Using Bayesian adaptive designs to improve phase III trials: a respiratory care example

Research output: Contribution to journalArticle

Authors

  • Julie Bruce
  • Andrew Metcalfe
  • Nigel Stallard
  • Sarah Lamb
  • Kert Viele
  • Duncan Young

Colleges, School and Institutes

External organisations

  • Warwick Clinical Trials Unit, University of Warwick, Coventry
  • Statistics and Epidemiology, Division of Health Sciences, Warwick Medical School, University of Warwick, Coventry, UK
  • Centre for Rehabilitation Research and Centre for Statistics in Medicine, Nuffield Department of Orthopaedics Rheumatology & Musculoskeletal Sciences, Botnar Research Centre, University of Oxford, Oxford, UK
  • Department of Trauma and Orthopaedic Surgery, University Hospital Coventry & Warwick, Coventry, UK
  • Berry Consultants, Austin, Texas, USA
  • Nuffield Department of Clinical Neurosciences, University of Oxford, Level 6, West Wing, John Radcliffe Hospital, Oxford, OX3 9DU, UK.
  • Warwick Clinical Trials Unit, Coventry, UK.

Abstract

Background: Bayesian adaptive designs can improve the efficiency of trials, and lead to trials that can produce high quality evidence more quickly, with fewer patients and lower costs than traditional methods. The aim of this work was to determine how Bayesian adaptive designs can be constructed for phase III clinical trials in critical care, and to assess the influence that Bayesian designs would have on trial efficiency and study results.

Methods: We re-designed the High Frequency OSCillation in Acute Respiratory distress syndrome (OSCAR) trial using Bayesian adaptive design methods, to allow for the possibility of early stopping for success or futility. We constructed several alternative designs and studied their operating characteristics via simulation. We then performed virtual re-executions by applying the Bayesian adaptive designs using the OSCAR data to demonstrate the practical applicability of the designs.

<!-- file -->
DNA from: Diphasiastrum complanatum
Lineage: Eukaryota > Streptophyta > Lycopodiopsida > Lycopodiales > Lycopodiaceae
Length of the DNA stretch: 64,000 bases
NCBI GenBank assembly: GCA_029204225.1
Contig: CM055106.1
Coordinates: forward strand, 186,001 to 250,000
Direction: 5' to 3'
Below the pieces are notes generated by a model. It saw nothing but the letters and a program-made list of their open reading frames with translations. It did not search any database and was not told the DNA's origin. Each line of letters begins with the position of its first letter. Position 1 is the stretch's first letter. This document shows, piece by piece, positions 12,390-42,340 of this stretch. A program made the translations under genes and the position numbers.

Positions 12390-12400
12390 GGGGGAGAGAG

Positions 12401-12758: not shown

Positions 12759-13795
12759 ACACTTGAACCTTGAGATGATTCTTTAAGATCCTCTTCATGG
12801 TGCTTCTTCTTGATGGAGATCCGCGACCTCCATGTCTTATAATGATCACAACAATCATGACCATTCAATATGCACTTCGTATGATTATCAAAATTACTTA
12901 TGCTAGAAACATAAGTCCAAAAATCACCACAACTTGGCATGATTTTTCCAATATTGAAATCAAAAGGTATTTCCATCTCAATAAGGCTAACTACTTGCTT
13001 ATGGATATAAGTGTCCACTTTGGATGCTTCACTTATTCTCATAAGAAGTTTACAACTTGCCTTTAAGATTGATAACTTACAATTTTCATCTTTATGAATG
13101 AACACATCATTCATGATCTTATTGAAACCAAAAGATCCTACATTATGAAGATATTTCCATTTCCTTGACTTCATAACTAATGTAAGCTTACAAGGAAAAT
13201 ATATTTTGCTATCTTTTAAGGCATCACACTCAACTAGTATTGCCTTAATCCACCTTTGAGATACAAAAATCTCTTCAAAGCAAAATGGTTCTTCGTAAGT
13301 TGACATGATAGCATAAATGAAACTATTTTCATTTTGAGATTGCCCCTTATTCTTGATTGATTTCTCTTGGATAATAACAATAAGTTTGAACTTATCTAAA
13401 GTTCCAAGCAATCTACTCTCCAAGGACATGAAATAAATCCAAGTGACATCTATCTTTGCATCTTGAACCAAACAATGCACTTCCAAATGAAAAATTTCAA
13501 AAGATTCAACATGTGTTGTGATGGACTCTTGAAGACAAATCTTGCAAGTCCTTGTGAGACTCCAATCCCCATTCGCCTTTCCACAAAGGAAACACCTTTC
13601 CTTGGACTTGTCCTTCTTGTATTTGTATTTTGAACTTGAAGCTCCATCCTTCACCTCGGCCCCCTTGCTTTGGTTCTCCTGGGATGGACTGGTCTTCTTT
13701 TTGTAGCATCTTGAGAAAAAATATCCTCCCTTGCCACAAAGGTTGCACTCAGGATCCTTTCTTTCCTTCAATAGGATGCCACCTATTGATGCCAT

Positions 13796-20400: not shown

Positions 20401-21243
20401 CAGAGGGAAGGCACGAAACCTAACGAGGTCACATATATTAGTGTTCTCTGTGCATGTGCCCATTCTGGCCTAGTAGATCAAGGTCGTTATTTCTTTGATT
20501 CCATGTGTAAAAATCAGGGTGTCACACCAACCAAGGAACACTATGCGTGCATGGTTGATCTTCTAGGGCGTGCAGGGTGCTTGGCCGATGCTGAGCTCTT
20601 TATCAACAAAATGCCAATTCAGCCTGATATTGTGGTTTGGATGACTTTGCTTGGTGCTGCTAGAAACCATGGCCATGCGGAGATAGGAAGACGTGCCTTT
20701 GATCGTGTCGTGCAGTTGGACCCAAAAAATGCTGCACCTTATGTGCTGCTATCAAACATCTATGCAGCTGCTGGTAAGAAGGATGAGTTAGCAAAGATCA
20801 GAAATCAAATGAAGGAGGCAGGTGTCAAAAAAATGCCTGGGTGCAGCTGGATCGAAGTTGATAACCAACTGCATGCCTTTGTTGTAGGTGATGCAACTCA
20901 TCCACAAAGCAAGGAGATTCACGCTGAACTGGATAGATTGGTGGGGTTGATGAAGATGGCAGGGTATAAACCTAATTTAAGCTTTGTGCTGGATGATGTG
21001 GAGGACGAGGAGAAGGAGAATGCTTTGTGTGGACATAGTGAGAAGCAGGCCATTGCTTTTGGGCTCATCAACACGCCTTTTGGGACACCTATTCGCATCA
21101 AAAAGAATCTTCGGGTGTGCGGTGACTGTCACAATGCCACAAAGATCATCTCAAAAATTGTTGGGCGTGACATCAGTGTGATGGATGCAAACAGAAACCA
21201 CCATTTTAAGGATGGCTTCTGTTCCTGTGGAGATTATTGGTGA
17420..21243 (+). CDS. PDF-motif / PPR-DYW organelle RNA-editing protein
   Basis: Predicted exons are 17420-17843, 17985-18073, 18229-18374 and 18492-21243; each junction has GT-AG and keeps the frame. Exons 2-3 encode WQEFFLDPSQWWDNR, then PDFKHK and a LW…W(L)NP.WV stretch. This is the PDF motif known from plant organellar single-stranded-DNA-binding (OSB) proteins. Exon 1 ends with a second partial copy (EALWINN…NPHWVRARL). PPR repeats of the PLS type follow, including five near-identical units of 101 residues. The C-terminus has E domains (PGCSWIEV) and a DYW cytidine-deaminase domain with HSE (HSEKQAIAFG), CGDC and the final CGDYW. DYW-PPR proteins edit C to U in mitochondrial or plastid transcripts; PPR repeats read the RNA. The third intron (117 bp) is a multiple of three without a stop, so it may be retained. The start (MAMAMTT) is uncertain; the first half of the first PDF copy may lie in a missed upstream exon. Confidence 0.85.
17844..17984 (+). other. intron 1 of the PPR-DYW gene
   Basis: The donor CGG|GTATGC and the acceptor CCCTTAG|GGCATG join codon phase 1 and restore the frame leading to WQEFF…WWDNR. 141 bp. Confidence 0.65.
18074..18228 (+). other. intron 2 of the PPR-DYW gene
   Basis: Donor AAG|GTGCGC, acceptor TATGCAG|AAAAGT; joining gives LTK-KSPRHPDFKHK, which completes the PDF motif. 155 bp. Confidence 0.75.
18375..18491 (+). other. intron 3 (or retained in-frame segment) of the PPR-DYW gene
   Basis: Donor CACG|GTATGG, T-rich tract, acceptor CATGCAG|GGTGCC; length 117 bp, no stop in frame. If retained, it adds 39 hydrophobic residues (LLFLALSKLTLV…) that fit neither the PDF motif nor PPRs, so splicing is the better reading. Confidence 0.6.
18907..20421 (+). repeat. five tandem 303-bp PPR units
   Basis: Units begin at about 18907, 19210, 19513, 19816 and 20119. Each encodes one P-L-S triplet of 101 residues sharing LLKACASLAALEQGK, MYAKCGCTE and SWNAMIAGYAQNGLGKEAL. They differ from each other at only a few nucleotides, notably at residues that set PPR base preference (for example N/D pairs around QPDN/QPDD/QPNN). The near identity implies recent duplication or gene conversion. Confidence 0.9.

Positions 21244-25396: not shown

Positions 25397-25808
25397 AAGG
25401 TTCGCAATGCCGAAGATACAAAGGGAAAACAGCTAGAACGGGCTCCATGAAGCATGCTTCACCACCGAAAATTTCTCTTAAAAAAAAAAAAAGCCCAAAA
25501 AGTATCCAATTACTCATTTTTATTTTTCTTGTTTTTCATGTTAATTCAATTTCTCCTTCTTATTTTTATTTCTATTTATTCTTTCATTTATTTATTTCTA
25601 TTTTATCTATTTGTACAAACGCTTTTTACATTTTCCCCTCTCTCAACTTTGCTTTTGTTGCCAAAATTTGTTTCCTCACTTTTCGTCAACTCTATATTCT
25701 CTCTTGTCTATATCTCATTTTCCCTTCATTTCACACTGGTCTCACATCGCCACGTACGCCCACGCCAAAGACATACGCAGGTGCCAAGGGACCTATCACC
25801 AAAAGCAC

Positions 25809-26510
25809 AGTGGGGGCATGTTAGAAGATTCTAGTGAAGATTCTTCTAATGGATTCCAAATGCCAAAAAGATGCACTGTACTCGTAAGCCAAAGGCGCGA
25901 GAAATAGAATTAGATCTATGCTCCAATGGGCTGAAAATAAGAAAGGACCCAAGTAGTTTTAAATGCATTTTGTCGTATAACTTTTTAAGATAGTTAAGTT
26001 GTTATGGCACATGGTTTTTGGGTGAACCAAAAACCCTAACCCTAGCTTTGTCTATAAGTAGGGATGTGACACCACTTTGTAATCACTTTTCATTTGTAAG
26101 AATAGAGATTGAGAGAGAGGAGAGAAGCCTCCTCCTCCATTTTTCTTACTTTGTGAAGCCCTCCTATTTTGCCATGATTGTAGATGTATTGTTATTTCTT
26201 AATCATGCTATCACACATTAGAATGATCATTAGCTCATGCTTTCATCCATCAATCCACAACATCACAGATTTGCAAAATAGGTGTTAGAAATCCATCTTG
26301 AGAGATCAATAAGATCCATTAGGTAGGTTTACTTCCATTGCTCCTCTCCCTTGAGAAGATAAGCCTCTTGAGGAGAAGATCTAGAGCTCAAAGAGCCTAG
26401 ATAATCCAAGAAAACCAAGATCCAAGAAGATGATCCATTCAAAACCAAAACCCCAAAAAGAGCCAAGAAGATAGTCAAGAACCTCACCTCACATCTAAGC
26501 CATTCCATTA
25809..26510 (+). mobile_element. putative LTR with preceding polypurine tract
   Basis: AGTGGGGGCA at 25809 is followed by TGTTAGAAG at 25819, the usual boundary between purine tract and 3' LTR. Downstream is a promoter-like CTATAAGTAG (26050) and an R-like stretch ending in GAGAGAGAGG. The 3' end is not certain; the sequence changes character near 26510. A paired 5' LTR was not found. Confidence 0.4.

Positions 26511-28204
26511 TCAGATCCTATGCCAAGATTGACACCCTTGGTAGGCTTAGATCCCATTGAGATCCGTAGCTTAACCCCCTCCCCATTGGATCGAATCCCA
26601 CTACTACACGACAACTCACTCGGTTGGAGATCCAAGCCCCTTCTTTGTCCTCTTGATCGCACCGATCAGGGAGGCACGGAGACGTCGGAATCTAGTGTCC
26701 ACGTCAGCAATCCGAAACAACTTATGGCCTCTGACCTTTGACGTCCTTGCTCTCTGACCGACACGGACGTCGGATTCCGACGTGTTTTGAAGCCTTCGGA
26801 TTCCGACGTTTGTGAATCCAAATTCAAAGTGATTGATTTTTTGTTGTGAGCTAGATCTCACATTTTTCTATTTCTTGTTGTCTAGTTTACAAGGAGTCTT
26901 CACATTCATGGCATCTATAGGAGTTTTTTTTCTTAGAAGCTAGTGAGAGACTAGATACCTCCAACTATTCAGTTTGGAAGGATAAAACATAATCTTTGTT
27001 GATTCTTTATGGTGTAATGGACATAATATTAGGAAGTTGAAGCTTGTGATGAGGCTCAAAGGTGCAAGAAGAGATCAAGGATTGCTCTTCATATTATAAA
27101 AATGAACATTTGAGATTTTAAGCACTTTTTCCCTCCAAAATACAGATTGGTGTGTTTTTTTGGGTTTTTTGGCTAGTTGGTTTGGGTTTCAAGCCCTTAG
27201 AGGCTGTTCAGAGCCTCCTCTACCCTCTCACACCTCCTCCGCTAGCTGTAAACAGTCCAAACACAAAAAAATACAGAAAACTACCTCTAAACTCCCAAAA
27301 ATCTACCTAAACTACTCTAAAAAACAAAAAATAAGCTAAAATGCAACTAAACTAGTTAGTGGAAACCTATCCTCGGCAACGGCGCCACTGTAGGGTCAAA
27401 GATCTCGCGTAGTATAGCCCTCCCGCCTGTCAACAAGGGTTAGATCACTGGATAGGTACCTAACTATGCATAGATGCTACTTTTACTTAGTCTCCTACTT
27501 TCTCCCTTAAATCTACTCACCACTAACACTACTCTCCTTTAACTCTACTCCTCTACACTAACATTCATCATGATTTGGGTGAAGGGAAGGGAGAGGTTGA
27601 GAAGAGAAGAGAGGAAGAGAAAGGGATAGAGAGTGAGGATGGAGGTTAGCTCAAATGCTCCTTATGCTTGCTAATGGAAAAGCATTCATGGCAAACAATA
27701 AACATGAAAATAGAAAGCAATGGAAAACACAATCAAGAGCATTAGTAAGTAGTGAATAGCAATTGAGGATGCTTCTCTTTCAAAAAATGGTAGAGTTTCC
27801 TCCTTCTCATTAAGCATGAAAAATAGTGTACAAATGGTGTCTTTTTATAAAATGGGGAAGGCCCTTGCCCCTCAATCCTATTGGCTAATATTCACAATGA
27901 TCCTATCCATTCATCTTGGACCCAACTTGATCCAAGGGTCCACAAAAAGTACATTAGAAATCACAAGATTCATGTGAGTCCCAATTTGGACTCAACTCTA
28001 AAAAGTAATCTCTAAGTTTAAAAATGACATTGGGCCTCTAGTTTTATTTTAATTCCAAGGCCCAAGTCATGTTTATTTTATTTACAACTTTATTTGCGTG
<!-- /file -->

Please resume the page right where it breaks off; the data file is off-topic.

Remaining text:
Results: We constructed five alternative Bayesian adaptive designs and identified a preferred design based on the simulated operating characteristics, which had similar power to the original design but recruited fewer patients on average. The virtual re-executions showed the Bayesian sequential approach and original OSCAR trial yielded similar trial conclusions. However, using a Bayesian sequential design could have led to a reduced sample size and earlier completion of the trial.

Conclusions: Using the OSCAR trial as an example, this case study found that Bayesian adaptive designs can be constructed for phase III critical care trials. If the OSCAR trial had been run using one of the proposed Bayesian adaptive designs, it would have terminated at a smaller sample size with fewer deaths in the trial, whilst reaching the same conclusions. We recommend the wider use of Bayesian adaptive approaches in phase III clinical trials.

Trial registration: OSCAR Trial registration ISRCTN, ISRCTN10416500. Registered 13 June 2007

Details

Original languageEnglish
Article number99
JournalBMC Medical Research Methodology
Volume19
Publication statusPublished - 14 May 2019

Keywords

  • Bayesian sequential design, interim analyses, randomized controlled trials, critical care